Health risks from pathogens in sewage: Implications for Australian sludge management guidelines
Literature concerning pathogen densities in untreated wastewater sludge was reviewed to aid an assessment of the health risks associated with the use of municipal sludge. No information on pathogen densities in Australian sludges was found so risks were assessed using pathogen densities in other countries and infection rates in Western Australia. Based on information from other countries it was estimated that an individual handling sludge and ingesting 0.1 g of sludge would have a greater than 1% chance of becoming infected with Giardia, less than 25% chance of contracting a helminth infection, approximately 1% chance of becoming infected with an enteric virus and less than 1% chance of contracting a Salmonella infection. However a qualitative risk assessment based on reported infection rates in Western Australia suggested that enteric viruses in wastewater sludge pose the most risk followed by Salmonella and Giardia. These risk assessments and a limited amount of epidemiological evidence suggest that digested wastewater sludge is not suitable for unrestricted marketing to the public. Guidelines in the US and UK follow this philosophy. Two issues of concern for Australian sludge guidelines are the use of indicator organisms to predict pathogen densities and the possibility of Salmonella regrowth in composted wastewater sludge.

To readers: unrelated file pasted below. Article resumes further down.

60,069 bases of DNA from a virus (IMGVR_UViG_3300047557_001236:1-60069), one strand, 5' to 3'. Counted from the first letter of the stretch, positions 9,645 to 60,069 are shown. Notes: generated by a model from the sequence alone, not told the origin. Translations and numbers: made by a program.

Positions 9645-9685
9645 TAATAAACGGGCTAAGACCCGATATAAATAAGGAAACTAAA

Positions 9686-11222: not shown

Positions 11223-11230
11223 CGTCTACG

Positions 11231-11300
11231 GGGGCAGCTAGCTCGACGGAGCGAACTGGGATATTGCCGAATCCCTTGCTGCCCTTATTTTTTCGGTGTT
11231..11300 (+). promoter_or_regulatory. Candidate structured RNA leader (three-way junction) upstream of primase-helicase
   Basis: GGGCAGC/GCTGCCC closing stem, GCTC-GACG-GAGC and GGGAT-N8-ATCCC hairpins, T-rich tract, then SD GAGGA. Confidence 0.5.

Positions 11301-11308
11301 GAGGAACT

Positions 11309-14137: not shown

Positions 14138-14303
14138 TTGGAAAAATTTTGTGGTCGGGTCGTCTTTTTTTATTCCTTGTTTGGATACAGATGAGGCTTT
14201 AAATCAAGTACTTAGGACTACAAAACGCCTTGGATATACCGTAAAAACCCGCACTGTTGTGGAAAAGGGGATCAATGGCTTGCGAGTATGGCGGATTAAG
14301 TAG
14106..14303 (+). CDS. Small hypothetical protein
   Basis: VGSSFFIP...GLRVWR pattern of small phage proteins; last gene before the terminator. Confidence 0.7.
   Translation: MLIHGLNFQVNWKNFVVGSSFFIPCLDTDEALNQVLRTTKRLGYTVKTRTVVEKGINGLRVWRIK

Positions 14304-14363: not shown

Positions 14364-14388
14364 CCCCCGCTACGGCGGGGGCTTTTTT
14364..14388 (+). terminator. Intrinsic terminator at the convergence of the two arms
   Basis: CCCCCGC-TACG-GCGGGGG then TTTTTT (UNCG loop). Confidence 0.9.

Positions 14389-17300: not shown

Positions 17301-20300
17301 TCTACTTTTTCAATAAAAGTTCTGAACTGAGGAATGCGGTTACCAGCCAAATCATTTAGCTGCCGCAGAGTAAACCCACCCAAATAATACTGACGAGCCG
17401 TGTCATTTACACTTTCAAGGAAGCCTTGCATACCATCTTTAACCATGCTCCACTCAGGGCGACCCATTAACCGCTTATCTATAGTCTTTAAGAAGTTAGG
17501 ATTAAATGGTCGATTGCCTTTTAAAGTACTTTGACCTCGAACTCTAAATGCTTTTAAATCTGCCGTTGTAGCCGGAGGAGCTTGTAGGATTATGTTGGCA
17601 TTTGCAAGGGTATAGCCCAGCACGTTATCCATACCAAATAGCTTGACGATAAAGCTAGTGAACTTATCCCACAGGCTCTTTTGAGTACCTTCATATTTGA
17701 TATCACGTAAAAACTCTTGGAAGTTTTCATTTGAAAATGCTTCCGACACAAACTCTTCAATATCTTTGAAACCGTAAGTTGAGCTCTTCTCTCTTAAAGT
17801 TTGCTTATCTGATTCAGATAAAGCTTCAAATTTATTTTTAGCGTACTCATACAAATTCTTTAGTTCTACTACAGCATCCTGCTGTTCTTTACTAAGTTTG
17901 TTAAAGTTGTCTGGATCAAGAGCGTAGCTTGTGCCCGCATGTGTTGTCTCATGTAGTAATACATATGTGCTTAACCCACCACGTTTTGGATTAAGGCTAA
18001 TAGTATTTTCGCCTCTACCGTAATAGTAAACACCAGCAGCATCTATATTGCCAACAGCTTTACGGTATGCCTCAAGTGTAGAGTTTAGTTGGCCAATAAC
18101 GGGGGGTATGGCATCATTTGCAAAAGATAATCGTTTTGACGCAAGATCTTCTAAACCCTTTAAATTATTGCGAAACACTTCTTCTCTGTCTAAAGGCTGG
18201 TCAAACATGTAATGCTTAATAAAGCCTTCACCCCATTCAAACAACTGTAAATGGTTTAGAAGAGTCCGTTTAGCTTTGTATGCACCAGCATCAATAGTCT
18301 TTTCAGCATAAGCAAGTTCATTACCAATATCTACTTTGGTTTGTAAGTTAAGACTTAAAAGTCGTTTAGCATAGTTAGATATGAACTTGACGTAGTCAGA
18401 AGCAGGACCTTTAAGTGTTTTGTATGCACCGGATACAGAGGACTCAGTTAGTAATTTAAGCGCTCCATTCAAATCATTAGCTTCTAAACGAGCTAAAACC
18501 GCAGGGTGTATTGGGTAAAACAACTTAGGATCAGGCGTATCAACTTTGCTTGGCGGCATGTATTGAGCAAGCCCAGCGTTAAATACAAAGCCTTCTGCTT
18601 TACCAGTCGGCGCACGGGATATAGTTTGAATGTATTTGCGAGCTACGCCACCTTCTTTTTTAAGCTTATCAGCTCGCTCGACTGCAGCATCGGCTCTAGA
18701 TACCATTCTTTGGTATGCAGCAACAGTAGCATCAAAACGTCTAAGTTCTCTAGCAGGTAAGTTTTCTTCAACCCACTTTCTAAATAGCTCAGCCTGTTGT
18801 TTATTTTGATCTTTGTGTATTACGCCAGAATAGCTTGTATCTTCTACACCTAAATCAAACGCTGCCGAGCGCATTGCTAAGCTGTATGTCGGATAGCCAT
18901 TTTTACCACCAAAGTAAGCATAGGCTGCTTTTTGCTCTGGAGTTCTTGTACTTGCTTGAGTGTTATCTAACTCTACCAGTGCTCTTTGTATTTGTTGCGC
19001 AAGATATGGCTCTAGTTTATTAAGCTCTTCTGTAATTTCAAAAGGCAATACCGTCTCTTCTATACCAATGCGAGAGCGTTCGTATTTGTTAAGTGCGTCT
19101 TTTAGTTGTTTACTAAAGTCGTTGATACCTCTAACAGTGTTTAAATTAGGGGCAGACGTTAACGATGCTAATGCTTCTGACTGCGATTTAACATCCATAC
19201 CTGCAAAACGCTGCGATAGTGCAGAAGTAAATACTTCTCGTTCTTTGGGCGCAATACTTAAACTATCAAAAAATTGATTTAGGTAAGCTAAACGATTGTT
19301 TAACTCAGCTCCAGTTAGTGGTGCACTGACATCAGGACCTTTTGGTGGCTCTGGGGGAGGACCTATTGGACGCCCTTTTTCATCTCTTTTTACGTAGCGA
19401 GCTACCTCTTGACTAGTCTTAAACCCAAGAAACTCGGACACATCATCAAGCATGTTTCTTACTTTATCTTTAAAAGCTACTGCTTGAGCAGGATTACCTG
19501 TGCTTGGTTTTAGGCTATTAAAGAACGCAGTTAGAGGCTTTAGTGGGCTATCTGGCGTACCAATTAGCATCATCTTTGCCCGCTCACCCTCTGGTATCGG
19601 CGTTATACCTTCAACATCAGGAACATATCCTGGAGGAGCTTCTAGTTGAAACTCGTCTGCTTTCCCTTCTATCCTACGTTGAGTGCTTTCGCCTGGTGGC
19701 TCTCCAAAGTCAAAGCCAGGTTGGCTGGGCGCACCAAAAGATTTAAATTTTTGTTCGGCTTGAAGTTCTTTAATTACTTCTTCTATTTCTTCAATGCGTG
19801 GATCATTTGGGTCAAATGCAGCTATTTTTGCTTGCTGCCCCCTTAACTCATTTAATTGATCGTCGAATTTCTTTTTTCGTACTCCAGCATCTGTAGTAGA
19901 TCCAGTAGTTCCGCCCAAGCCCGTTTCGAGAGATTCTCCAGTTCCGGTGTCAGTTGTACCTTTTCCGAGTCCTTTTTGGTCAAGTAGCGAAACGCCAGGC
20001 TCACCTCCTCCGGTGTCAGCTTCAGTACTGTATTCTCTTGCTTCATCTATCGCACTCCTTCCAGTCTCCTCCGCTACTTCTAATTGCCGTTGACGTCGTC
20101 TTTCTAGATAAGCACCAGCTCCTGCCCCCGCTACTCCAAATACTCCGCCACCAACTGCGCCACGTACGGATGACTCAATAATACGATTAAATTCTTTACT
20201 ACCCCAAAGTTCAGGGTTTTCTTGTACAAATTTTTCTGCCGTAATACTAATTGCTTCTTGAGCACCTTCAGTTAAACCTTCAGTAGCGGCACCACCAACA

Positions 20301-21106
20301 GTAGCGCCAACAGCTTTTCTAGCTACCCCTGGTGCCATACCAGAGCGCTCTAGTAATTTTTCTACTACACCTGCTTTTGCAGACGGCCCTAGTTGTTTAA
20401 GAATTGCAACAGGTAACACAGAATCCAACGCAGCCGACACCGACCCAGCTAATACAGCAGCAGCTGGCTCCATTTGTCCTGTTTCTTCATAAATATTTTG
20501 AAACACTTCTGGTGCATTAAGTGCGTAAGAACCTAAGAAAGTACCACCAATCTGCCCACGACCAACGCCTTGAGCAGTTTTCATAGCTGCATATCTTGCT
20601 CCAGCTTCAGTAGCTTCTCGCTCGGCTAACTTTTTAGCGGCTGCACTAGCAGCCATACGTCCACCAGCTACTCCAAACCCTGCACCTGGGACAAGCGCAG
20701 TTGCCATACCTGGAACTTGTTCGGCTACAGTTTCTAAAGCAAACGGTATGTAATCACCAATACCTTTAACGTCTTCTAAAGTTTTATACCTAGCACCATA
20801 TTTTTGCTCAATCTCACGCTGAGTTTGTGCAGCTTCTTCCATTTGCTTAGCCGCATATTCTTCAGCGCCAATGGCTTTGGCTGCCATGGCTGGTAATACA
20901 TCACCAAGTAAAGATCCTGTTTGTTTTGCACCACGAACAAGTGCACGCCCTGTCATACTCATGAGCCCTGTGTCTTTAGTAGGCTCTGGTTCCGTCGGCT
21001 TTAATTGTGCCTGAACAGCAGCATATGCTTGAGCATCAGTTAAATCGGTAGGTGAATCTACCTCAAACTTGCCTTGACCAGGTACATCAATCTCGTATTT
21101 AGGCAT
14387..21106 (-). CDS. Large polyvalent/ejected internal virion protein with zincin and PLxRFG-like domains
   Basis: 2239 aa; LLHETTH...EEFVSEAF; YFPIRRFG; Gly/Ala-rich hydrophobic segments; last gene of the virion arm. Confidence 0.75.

|Publication Type:||Journal Article|
|Murdoch Affiliation:||School of Environmental Science|
|Publisher:||Australian Water Association|
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